The actual Lib Dem candidate, Rob Castell, a supporter of the pro-EU group Best for Britain, stood aside to make way for Grieve and increase the chances of Beaconsfield returning a remain MP.
“This is a very sad case of an Independent candidate having to prove that he is right rather than looking at the good of the party or wider country or respecting democracy,” says Morrissey, arguing the leaver’s case.
Grieve plays strongly into a clear public distrust of Johnson in Beaconsfield. At Monday night’s hustings, he unleashed a tirade against his former party colleague after one woman received the biggest cheer of the night when she asked the candidates whether a man who insulted working-class men and called gay men “tank-topped bum boys” was “really the man we want representing our country in the 21st century?”
“He is reckless, he is egocentric and he is, I’m afraid, a pathological liar,” answers Grieve, drawing a roar of approval and sustained applause in the packed church. He lies “on an almost daily basis”, he adds, through angry heckles.
“It worries me very much for the future of our country. We haven’t experienced anything like this,” he says.
Grieve is hoping that fears about Johnson and his leading a majority government will trump dyed-in-the-wool true blue allegiance to the Tories and Brexit fatigue.
The latter is proving Grieve’s biggest enemy.
“Just get Brexit done, just get out,” businessman Peter Mayer says, crossing Marlow’s bridge. “I was actually voted remain but there is just so much indecision now, it just needs to get done.”
A corporate fix-it guy for big projects, Mayer says business has dried up over general uncertainty around what might happen with Brexit. Clients have just stopped spending money; “too much indecision”, he says.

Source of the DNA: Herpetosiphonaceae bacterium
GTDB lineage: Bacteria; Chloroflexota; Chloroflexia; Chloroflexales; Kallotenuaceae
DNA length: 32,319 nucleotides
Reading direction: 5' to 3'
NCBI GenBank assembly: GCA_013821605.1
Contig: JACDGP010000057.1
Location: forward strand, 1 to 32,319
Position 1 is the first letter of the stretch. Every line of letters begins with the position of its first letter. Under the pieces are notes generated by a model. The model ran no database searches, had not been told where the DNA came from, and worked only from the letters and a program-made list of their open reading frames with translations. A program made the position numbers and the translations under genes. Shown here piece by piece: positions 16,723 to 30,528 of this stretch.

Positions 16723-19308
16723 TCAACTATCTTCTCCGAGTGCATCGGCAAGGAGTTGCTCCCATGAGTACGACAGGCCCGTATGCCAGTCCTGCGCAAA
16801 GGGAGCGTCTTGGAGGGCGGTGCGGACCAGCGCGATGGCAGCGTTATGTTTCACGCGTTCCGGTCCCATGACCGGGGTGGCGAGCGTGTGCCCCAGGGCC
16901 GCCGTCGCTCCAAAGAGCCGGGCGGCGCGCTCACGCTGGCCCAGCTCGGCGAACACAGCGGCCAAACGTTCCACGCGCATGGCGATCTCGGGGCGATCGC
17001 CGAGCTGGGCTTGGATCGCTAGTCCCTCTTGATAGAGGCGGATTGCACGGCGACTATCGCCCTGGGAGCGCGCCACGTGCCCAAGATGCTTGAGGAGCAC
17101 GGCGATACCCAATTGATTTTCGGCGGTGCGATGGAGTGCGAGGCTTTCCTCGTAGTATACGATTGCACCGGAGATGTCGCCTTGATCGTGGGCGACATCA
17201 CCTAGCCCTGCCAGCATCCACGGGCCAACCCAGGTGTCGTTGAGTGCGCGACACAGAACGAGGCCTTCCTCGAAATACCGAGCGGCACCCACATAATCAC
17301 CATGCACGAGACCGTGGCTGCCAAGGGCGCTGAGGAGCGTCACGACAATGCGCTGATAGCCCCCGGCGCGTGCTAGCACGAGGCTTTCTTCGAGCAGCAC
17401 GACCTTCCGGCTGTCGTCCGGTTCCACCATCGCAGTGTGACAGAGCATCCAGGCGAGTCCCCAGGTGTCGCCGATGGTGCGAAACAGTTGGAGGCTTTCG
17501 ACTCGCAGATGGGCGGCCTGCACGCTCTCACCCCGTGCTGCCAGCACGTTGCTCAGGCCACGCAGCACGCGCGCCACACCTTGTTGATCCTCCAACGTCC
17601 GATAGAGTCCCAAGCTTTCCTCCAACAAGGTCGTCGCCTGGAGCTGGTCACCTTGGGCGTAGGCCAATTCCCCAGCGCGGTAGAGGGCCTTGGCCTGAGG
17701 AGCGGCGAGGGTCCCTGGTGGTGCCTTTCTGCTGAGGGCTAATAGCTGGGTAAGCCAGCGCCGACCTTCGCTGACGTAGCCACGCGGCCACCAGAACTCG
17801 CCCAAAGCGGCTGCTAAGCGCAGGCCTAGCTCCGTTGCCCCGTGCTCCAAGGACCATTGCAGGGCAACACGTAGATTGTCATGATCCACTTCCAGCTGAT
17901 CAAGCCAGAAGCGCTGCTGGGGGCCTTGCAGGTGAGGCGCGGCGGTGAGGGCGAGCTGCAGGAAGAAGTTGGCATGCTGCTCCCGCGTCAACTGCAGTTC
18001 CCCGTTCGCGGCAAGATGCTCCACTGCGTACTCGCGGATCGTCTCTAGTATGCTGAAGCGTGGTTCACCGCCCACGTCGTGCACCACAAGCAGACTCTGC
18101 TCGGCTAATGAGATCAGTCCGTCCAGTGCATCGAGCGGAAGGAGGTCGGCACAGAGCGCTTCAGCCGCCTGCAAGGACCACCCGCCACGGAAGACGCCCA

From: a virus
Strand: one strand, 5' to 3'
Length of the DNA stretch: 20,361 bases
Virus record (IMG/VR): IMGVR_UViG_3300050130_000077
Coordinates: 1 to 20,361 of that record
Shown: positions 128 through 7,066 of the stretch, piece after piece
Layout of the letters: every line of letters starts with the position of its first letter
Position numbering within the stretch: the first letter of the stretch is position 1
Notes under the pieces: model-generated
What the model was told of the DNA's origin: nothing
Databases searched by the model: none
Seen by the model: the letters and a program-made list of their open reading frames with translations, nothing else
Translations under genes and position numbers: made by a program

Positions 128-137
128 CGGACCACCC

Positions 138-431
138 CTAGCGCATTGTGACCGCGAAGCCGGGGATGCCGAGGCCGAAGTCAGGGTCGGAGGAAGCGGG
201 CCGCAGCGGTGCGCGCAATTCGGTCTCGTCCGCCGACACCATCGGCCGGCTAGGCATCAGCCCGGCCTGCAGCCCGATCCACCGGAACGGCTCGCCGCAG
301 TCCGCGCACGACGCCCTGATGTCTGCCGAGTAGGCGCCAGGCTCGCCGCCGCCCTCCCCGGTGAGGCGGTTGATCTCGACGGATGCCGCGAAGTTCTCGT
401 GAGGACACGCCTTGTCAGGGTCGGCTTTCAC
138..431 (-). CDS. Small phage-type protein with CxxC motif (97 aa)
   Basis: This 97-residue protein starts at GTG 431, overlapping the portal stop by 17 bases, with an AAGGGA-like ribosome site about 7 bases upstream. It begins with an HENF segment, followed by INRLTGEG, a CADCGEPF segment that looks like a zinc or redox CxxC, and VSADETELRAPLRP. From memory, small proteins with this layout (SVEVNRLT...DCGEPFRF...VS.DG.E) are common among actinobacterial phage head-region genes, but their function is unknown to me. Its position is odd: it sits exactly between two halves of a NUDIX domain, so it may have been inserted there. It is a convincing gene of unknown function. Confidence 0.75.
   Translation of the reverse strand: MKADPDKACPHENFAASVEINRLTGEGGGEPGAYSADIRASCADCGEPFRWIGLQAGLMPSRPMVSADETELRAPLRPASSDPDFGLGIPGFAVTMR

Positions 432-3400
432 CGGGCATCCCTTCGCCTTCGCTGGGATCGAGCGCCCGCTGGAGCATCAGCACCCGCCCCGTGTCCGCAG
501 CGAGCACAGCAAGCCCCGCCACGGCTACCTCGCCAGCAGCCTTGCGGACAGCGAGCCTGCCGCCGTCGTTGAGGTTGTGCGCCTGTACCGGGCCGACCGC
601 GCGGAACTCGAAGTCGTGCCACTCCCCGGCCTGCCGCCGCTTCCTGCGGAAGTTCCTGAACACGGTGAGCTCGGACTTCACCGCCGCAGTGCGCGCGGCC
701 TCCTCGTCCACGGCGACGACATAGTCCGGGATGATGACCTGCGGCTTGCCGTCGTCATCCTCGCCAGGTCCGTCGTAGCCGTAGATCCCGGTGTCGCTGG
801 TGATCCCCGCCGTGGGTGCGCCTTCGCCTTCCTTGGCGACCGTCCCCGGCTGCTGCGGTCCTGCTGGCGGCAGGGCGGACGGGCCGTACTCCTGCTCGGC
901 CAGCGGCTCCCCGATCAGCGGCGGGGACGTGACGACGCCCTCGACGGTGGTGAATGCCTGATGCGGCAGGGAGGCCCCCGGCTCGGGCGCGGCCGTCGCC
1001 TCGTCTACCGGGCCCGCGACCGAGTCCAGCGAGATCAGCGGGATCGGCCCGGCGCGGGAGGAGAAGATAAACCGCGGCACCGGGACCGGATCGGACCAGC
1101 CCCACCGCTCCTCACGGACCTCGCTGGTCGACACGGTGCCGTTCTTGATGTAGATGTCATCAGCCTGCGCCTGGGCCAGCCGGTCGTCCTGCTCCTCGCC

“I know Boris is the best of the worst choice but he is the one that gets through it,” he says, echoing a view heard several times from members of the public on the streets of Marlow and Beaconsfield.
“I am not sure I trust Boris that much but he is better than anyone else,” says John Smith, standing in the middle of Beaconsfield.
Even Grieve’s supporters acknowledge Johnson’s “get Brexit done” campaign slogan is working.
“When you are exhausted, any port in a storm – it is a clever strategy,” says TV writer Robert Thorogood, a lifelong Labour member who is canvassing with Grieve in Marlow to stop “hard Brexiteer” Morrissey.
“The problem we are finding is the message is so powerful and to counter it you need to use about five to six words but they stop listening after three because you are not saying ‘get Brexit done’.”
Stood-down Lib Dem candidate Rob Castell says he cannot understand why Grieve would not be “the preferred choice” of Conservatives here given that he was their MP for 22 years and has “absolutely denounced” Johnson. Grieve has even been endorsed by former Conservative prime minister Sir John Major.
Instead, it comes down to “the fact we are obsessed by the party system in this country”, says Castell.
Thorogood agrees, though he notes the biggest cheer of Monday night’s hustings was “against Boris Johnson as our prime minister”.
“There is definitely a feeling that he is a bad person but these people are Tories; they vote for the rosette – constitutionally, they have voted Tory their whole lives, they don’t know how to vote any different.”
Beaconsfield on Thursday will be an intriguing test of the rigidity of Britain’s party system.